Looking to pick up some basic Thai phrases for your travels? You’ve come to the right place as in this article, I’m going to walk you through a few basic Thai phrases and words that will immensely help you when traveling around the country.
Learning a language, or at least trying to is a huge part of traveling. Whether it’s being able to say please and thank you or mastering essential phrases like how to order a beer. Learning basic words is showing effort, respect, and an open mind.
Even though my pronunciation isn’t the best, I personally do it because I love getting wide grins and chuckles from locals when I say something unexpected in their language.
When traveling in Thailand, although most people, especially those in the touristy areas speak English, here are a few basic Thai phrases that will help you get by.
Basic Thai Phrases
The Rule: If you are male, you end sentences with the word (khrup/krap) similarly if you are female, you end your sentences with the word (ka/kap). This is used to make your sentence or question polite and respectful.
- Hello – Sawadee khrup/ka
- Yes – Chai (khrup/ka)
- No – Mai (khrup/ka)
- Maybe – Aaj ja (khrup/ka)
- Thank you – khop khun (khrup/ka)
- Sorry/excuse me – Khor thoad khrup/ka
- Where is the restroom– Hong nam yoo tee nai khrup/ka?
- I need a doctor- Phom dong gaan hai mor maa raak sa khrup/ka
- No worries- Mai pen rai
- Can you speak English? = Kun pood paasaa anggrit dai mai
In a nutshell, the Thai phrases and expressions cover the essentials to help you travel around the country. Naturally, there are loads of other Thail words but the ones listed above are the basics!<
If your bus broke down in the middle of the road, instead of complaining and worrying, Thai’s would just say “mai pen rai” which means, it’s okay, don’t worry, everything will be alright.
So next time a Thai person gets your order wrong or accidentally bumps you while you’re waking, just bust out these famed words, “Mai Pen Rai” and no doubt you will get a smile and a look of surprise.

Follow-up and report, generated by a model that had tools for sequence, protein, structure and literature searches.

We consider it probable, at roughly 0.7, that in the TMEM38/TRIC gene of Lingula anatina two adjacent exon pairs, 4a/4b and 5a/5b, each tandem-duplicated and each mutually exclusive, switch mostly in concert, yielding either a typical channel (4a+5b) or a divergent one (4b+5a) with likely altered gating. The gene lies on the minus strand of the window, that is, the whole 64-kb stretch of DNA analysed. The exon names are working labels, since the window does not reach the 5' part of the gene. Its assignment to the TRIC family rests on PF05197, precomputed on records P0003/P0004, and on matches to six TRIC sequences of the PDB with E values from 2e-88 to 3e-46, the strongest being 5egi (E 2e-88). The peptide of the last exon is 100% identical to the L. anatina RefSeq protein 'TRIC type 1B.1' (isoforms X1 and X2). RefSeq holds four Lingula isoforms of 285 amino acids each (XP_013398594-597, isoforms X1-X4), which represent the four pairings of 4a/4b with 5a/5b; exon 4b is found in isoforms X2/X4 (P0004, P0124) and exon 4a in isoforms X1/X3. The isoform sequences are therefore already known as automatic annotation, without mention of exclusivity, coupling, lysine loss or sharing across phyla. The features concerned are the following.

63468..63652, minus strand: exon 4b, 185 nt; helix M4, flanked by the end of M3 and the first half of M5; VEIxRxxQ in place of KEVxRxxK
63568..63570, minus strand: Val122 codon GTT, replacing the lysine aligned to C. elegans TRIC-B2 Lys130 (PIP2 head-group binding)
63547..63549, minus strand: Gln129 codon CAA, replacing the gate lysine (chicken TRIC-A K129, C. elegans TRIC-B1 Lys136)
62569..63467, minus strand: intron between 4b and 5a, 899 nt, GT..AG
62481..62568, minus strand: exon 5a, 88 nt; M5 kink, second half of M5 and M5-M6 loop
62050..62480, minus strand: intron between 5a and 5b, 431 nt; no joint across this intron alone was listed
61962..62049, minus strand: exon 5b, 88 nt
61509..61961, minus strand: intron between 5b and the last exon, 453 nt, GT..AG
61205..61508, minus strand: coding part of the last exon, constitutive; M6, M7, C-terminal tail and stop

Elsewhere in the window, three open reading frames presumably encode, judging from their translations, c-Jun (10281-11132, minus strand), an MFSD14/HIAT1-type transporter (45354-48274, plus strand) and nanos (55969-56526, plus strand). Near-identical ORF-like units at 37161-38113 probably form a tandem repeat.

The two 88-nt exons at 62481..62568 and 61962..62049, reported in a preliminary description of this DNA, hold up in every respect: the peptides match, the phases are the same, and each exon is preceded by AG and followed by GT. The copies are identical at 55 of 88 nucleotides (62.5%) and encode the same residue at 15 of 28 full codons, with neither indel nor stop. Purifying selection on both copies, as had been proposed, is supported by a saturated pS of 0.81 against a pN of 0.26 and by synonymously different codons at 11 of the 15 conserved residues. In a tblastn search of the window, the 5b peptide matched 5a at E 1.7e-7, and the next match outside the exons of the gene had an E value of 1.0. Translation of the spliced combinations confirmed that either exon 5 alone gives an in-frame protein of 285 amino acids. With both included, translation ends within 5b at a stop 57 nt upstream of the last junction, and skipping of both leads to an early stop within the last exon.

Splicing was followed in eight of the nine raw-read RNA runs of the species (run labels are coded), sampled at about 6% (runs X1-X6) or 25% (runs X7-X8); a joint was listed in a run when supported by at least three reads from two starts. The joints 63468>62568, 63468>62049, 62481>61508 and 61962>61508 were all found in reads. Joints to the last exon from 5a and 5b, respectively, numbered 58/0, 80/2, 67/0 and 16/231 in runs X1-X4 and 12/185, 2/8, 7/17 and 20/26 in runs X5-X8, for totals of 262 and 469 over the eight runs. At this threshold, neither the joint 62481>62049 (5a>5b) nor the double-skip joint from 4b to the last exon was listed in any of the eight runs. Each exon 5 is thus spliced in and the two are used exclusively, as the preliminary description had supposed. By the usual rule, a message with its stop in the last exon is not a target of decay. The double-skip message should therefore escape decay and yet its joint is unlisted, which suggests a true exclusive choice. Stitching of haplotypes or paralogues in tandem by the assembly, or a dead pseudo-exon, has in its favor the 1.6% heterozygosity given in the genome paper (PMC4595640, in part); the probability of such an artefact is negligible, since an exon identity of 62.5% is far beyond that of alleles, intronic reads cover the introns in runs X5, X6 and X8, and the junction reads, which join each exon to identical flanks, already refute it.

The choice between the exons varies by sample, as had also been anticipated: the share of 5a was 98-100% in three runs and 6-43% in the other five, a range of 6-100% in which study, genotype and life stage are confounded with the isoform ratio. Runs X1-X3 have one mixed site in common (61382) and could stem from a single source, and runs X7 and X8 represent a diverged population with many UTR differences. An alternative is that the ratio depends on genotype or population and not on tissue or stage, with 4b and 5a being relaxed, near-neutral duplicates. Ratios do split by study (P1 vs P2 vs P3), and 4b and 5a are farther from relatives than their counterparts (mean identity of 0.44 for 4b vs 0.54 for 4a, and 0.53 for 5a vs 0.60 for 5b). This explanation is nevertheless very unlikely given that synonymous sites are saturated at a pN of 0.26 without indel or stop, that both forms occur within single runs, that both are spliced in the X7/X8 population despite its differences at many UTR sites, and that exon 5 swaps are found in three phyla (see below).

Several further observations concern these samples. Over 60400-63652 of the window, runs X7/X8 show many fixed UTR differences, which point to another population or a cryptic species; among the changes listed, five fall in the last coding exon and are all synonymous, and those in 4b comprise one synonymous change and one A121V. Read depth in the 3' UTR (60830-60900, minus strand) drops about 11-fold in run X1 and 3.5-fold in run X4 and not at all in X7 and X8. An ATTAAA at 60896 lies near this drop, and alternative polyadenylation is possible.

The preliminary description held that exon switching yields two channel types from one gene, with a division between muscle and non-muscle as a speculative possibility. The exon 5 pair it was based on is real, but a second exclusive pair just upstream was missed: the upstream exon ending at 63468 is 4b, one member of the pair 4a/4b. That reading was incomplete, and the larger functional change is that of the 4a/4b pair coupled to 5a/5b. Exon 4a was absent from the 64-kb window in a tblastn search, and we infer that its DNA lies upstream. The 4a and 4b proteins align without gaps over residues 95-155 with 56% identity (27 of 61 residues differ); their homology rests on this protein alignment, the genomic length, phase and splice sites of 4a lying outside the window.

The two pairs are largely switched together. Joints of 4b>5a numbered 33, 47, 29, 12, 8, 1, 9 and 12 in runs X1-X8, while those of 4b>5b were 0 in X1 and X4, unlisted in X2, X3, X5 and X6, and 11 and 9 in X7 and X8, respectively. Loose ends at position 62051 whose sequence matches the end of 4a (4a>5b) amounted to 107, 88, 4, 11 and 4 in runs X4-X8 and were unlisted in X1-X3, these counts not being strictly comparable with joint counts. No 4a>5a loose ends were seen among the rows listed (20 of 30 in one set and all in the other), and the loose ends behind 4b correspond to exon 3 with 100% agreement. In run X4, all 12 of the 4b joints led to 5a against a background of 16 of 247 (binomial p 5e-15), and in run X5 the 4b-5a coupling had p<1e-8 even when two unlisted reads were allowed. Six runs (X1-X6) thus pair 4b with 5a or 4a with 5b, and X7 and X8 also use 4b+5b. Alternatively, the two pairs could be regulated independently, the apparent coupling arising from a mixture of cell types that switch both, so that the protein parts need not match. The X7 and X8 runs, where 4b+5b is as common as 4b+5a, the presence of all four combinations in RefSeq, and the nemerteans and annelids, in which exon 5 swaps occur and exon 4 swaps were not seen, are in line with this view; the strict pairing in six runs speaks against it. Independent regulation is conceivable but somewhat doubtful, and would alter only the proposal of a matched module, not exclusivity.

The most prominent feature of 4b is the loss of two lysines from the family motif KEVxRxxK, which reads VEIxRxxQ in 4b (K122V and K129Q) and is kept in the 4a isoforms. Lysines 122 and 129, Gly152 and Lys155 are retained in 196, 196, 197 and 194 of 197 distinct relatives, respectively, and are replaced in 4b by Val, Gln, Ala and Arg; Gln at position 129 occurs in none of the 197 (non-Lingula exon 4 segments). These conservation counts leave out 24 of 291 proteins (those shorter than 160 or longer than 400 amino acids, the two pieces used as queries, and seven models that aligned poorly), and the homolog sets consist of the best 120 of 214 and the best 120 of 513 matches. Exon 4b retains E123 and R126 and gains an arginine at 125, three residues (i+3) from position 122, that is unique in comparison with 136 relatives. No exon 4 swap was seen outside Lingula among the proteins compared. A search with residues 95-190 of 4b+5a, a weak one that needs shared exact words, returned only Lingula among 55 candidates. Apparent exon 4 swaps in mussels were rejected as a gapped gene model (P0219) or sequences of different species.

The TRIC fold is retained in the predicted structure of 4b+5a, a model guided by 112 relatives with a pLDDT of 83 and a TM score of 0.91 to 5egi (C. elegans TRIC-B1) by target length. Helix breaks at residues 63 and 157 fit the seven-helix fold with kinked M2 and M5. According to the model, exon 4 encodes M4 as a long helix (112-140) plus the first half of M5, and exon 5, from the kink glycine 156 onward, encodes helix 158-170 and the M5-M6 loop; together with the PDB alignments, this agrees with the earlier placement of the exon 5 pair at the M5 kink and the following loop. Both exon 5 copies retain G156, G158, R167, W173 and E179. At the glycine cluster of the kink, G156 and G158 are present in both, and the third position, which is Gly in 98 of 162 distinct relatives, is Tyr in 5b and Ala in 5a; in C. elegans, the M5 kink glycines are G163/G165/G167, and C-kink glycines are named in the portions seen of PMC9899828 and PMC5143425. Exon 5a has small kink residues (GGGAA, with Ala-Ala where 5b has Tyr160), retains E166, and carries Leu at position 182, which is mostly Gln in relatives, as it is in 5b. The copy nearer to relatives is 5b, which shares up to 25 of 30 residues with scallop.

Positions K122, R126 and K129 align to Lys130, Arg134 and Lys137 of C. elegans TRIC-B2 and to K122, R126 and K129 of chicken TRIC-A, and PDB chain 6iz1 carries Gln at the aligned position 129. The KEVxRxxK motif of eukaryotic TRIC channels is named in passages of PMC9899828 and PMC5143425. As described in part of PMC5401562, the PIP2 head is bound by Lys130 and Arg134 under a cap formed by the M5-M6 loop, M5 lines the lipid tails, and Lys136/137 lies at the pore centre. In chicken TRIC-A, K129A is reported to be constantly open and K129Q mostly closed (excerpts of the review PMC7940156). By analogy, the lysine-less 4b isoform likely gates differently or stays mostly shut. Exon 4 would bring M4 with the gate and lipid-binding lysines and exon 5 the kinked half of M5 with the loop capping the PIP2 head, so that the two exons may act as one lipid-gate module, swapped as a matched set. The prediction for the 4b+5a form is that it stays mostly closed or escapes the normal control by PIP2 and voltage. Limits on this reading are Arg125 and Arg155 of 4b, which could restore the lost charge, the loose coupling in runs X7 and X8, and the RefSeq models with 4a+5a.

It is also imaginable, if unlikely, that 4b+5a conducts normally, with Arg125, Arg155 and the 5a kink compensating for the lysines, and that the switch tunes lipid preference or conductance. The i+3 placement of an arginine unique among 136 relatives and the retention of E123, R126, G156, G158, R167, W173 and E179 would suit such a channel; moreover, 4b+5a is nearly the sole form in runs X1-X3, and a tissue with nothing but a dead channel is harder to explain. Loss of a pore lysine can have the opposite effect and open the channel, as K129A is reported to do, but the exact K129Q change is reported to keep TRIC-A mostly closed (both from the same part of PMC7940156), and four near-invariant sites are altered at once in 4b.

Wondering how Thailand compares to other countries in Southeast Asia? Check out our comparison guides:
Indonesia vs Thailand
Thailand vs Vietnam
Thailand vs Philippines
Thailand vs Malaysia
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Basic Greetings in Thai
Out of all the essentials, being able to say hello, how are yo and thank you are non-negotiable on my list. Master these three words and you will most likely make a friend or impress a local.
Thai language is a beautiful and complex language that is spoken by more than 60 million people worldwide. One of the most important aspects of Thai culture is the use of polite language and greetings.
In fact, greeting someone in Thai can often set the tone for the entire conversation, as it reflects respect which is highly valued in their culture.
Thai people use different greetings depending on the time of day, the social status of the person they are addressing, and the context of the situation. Additionally, the use of different tones and inflections can completely change the meaning of a word, making Thai a challenging but rewarding language to learn.
- Hello – Sawadee khrup/ka
- Good Morning- sawatdee tohn chao
- Good Afternoon- sawatdee tohn bai
- Good Evening- sawatdee tohn yen
- Good Day- chohk dee
- Good Night- ra tree sawat
- How are you? – Sa bai dee mai khrup/ka
- Goodbye! – La gorn khrup/ka
Editor’s Note: Check out our ultimate guide on Thailand Travel Tips which features the best things to do, where to stay, and what to eat.
Basic Thai for Eating and Ordering Food
Nothing is worse than being ridiculously hungry only to find out that your Thai food is way too spicy to eat. Trust me, it happens more often than you think. With that in mind, here are a few Thai words essential for eating and ordering food.
If you’re planning to travel to Thailand or dine at a Thai restaurant, it’s helpful to learn some basic Thai words and phrases for ordering and eating out. Knowing a few simple expressions can make your dining experience more enjoyable and allow you to communicate more effectively with the servers and chefs.
In this introduction, we’ll cover some of the most commonly used Thai words and phrases for ordering food, asking for recommendations, and making special requests.
Whether you’re a foodie looking to explore Thailand’s vibrant culinary scene or just looking for a quick and delicious meal, these words and phrases will come in handy. So, let’s get started and learn some basic Thai words for dining out and ordering food!
On a side note, when eating in a restaurant, it pays to compliment them by saying “aroy” for the food as you’re about to pay. I do this all the time regardless if it’s a nice restaurant or some hole in the wall street food joint. Trust me, a small compliment goes a long way!